At any given time, the price of a real commodity (such as the meats or grains) depends upon numerous independent variables. Cocoa prices are a product of the weather in Africa, the cost of shipping, government policies, the availability of substitute crops, pests, consumption levels, etc. Essentially, all of the various factors can be grouped as those affecting supply or those affecting demand. In normal times, price remains relatively stable as the supply and demand factors cause price equilibrium.
Periodically, an extremely unusual and unexpected event will occur. A hurricane or brutal freeze hits Florida, wiping out the orange juice crop. A war in Kuwait cripples the supply of oil. Prices soar. Swine flu hits Mexico, causing demand for hogs to irrationally evaporate. Prices drop dramatically.
If you’re on the right side of these shocks, you can profit immensely. Hog futures crashed from a high of 88.975¢ per lb. on Aug. 8, 2008, to 53.90¢ on Nov. 5, 2008. This is a 35¢ plunge in less than 90 days — a loss of 39% of value, or roughly 1% every two days. One contract of lean hogs is 40,000 pounds; hence, every penny price change represents a gain or loss of $400. A speculator who went short at the high and covered at the low would have earned $14,030 gross, or about $160 per day. Given the extremely low initial margin for hogs, this is an astronomical annualized return and something traders dream about.
Of course, it is easy to discern these points in hindsight. Wishing to know about them in advance causes us to fantasize about crystal balls. As technical traders, we try every possible method to find the philosopher’s stone, that mystical key to unlock the secrets of future price action. However, all of our neat statistical tools have little basis as determinants of future price activity.
A statistic, such as a moving average, is nothing more than a mathematical transformation of data points. A five-day moving average is just a method of representing five data points in a single number. A regression line is the line that best fits historical data; it reduces the total squared distance from each point to the line. There is no magic about it. Statisticians and technicians believe price will continue to fall in some reasonable range around the regression line. However, statisticians will caution you that such belief only holds over a short time period and assumes no fundamental underlying changes in the
That is the key. We know that life does include fundamental changes in variables. Traders see this all the time. Yet, prices of the real commodities eventually deal with the outrageous event. After some period of reaction to the price, the factors of supply and demand inevitably resume their inexorable forward motion and price eventually returns to stability.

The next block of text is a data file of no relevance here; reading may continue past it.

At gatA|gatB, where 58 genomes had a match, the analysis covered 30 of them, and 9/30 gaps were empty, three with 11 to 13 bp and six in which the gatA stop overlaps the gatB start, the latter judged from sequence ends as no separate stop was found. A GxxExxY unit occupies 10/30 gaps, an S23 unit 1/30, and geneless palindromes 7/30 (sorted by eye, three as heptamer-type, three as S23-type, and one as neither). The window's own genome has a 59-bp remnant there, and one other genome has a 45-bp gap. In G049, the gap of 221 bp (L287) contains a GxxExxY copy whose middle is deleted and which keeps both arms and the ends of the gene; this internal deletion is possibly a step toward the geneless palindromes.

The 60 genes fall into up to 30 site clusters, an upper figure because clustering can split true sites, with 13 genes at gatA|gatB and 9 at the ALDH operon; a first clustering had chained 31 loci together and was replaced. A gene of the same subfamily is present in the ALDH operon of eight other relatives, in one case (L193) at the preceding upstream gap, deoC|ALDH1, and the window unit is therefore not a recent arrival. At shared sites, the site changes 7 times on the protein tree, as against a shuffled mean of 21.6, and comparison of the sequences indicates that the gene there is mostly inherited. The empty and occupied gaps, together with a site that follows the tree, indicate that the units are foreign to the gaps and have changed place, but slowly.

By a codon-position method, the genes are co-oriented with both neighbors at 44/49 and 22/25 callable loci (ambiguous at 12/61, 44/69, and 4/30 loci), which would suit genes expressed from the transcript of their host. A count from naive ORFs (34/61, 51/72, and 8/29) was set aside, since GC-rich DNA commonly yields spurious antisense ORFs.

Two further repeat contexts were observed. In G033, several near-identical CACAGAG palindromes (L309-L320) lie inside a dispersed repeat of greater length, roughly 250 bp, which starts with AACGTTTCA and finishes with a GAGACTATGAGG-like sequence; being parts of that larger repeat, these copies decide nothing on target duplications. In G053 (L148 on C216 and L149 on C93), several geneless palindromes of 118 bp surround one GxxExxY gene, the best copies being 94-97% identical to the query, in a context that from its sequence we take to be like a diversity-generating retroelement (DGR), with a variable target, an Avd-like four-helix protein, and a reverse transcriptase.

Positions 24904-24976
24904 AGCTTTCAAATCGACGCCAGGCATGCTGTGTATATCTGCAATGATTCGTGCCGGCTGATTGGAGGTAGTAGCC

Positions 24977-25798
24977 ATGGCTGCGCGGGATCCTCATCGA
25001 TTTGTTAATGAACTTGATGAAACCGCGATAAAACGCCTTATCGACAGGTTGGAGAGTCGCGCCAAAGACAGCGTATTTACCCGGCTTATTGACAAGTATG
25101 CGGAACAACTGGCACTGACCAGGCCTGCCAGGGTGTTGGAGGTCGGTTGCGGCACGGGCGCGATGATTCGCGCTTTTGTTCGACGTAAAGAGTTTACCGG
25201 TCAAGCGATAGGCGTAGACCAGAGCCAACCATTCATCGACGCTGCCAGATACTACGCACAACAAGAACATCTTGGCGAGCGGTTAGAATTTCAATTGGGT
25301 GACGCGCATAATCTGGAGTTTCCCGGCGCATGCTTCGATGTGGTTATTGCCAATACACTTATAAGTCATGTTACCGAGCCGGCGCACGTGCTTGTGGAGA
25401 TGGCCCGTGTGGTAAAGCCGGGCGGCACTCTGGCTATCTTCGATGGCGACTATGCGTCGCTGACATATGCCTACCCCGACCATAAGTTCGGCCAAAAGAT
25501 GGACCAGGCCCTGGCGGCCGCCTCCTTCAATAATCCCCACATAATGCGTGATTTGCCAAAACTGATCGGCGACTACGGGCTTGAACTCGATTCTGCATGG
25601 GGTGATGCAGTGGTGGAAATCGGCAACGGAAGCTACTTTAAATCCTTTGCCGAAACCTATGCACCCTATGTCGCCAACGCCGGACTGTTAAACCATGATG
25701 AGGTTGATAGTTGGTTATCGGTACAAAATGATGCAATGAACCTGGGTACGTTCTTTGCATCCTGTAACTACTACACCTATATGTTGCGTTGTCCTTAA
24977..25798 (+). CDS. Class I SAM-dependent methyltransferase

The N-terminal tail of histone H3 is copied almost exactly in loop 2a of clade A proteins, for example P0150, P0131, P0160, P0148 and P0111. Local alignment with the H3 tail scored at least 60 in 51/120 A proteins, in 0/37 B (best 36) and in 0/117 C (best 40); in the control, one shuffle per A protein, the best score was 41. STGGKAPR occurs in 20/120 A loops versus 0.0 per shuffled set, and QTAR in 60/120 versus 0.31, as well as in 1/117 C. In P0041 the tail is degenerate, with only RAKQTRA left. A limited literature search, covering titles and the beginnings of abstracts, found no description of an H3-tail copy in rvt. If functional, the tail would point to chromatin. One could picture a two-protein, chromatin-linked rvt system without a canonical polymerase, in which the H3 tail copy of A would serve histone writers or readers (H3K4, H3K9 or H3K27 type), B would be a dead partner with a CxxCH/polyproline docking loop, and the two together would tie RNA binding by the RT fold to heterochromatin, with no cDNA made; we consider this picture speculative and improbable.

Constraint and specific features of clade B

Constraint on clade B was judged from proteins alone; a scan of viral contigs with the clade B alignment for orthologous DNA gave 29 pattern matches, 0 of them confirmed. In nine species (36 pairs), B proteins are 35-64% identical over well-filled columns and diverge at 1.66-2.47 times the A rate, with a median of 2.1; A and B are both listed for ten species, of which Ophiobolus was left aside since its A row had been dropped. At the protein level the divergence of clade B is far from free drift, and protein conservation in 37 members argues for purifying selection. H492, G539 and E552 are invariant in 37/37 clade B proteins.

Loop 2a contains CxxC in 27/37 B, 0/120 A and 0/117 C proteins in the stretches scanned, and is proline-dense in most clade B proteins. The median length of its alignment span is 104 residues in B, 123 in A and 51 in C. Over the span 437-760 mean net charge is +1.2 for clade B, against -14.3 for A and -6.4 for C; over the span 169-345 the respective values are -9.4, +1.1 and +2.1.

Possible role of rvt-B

Looking at the data in “Extreme hogs” the average price is 59.17¢. The net change totals 423.48 gross points, or an average swing of 38.5 points between peaks and valleys in an average of 13 months. However, the averages do us little good, and the data demonstrate the difficulty with cycles based upon fixed time or fixed price.
TRADING OFF SHOCKS
Periodic shocks to price are reliable indicators of trend reversal. For example, in July 2002, hog prices were trading around 55¢, right near the average price. Only one month later they plunged to close at 30¢, a 36% drop. By May 2003, prices had climbed back to the average of 59¢. In economic theory, it makes sense that a huge price drop will cause a tightening of supply that will eventually drive prices back up.
Indeed, price shocks are excellent trading tools for real commodities. The assumptions of this approach are:
1) price tends to move sideways much of the time;
2) periodically price shocks to the upside;
3) this will be followed by a gradual drop in price;
4) periodically the price will “shock” to the downside as a balance.
It is less frequent, but possible, to have a repeat shock in the same direction without the intervening opposite shock. But, in general, price acts like a pendulum swinging back and forth, and occasionally wildly out of control.
Our goal: develop reasonable trading rules for each commodity to mathematically, and mechanically, evaluate the shock. It’s also important not to enter the market prior to the completion of the shock to avoid getting caught in the maelstrom.
Starting with live cattle, we can develop and introduce simple and reliable trading rules that can be adapted to other commodities. The simpler a system, the easier it is to implement and more robust it will be.
Begin by recording the monthly closing price for the nearest futures contract. Then calculate the three-month moving average of momentum price change statistic, expressed as a percentage: